Paula and Niall were able to take Emma home on August 21, the date the babies were due had they been carried to term. Ben was allowed home a week later, but it was not smooth sailing as both babies had a number of prominent health problems, as expected when children are born so prematurely.
"When Ben came home, he was still in a harness for his hip. His leg was forever dislocating.
"In the NICU, they are in this routine, and you try your best to stick to it. We were getting 20 minutes sleep at a time at one point. One time I was so tired I ended up putting Emma in on top of Ben in the cot. The screams that came out of them!
"While Emma was getting on well I could tell by looking at Ben he wasn't heading for an okay life. There was so many problems, he was having trouble swallowing, and I would just look into his eyes and he wasn't checked in."
A big believer in alternative medicine, Paula and Niall had the twins undergo CranioSacral Therapy, a hands-on treatment which is believed to enhance the body's natural capacity for healing. The couple brought the twins twice a week to Ger Swords in Upledger Clinic in Naas, and the mum said he helped Ben in ways she could never have imagined.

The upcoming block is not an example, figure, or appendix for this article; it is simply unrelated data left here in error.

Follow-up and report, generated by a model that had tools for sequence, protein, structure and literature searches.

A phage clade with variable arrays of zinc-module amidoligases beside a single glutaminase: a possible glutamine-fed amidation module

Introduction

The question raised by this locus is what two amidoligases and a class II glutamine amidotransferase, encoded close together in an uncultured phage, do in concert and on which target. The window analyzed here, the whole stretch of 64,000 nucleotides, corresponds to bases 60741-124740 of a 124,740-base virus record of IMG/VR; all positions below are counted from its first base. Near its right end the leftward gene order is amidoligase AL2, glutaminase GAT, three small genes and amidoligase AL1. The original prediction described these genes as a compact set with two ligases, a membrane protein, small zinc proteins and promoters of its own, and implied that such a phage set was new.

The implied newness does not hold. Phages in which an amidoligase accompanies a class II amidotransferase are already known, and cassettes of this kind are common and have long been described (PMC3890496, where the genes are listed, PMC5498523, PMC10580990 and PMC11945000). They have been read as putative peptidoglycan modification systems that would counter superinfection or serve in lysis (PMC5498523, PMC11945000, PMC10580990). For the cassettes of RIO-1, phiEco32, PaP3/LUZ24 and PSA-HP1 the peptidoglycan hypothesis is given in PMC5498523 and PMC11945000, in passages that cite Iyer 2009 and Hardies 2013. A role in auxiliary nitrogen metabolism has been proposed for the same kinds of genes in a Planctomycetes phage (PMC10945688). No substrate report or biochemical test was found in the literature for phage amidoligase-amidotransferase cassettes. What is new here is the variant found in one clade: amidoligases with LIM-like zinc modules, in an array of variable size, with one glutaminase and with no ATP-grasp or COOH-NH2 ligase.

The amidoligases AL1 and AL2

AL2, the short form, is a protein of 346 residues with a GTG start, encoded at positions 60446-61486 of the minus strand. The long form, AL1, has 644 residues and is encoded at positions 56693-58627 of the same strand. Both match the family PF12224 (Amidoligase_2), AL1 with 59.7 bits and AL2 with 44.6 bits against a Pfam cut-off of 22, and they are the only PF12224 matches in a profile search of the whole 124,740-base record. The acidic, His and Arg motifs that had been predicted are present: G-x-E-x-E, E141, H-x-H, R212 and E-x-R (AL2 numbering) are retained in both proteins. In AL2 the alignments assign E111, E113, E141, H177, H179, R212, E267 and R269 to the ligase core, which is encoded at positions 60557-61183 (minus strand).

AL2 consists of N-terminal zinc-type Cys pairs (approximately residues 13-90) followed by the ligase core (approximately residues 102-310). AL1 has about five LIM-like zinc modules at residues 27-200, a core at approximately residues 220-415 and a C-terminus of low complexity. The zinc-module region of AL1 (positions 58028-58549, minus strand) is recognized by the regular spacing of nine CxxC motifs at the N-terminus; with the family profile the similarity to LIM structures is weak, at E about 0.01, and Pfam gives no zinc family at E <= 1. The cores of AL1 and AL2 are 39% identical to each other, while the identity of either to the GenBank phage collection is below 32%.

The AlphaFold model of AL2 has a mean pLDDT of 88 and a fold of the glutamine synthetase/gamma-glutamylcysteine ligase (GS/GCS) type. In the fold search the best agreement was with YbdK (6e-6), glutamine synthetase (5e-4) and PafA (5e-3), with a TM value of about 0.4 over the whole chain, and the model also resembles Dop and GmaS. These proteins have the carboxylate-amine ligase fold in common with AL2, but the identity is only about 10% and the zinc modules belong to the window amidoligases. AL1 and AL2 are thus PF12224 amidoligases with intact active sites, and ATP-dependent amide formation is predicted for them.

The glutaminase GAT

"He was a miracle worker and I really believe he changed their lives. It's a therapy that releases trauma and I believe it rewired Ben's brain.
"It also changed my attitude. I had been envisioning Ben's future in a wheelchair and I told Ger that I could now see him on a rugby pitch. He gave me one of the best pieces of advice he could have ever given me. He said 'Paula, that's great, but why not look at Ben now see him as he is, and don't put any expectations on him'. That sort of became my parenting philosophy from that moment onwards.
"From that moment I decided they were going to be okay and I chose to look at them in a different way, in the present. I do feel this attitude shaped my children into who they are today," she said.
Paula said the twins dramatic arrival had an impact on her oldest son Will, and said it is difficult to be the older sibling of twins, particularly ones who were so sick.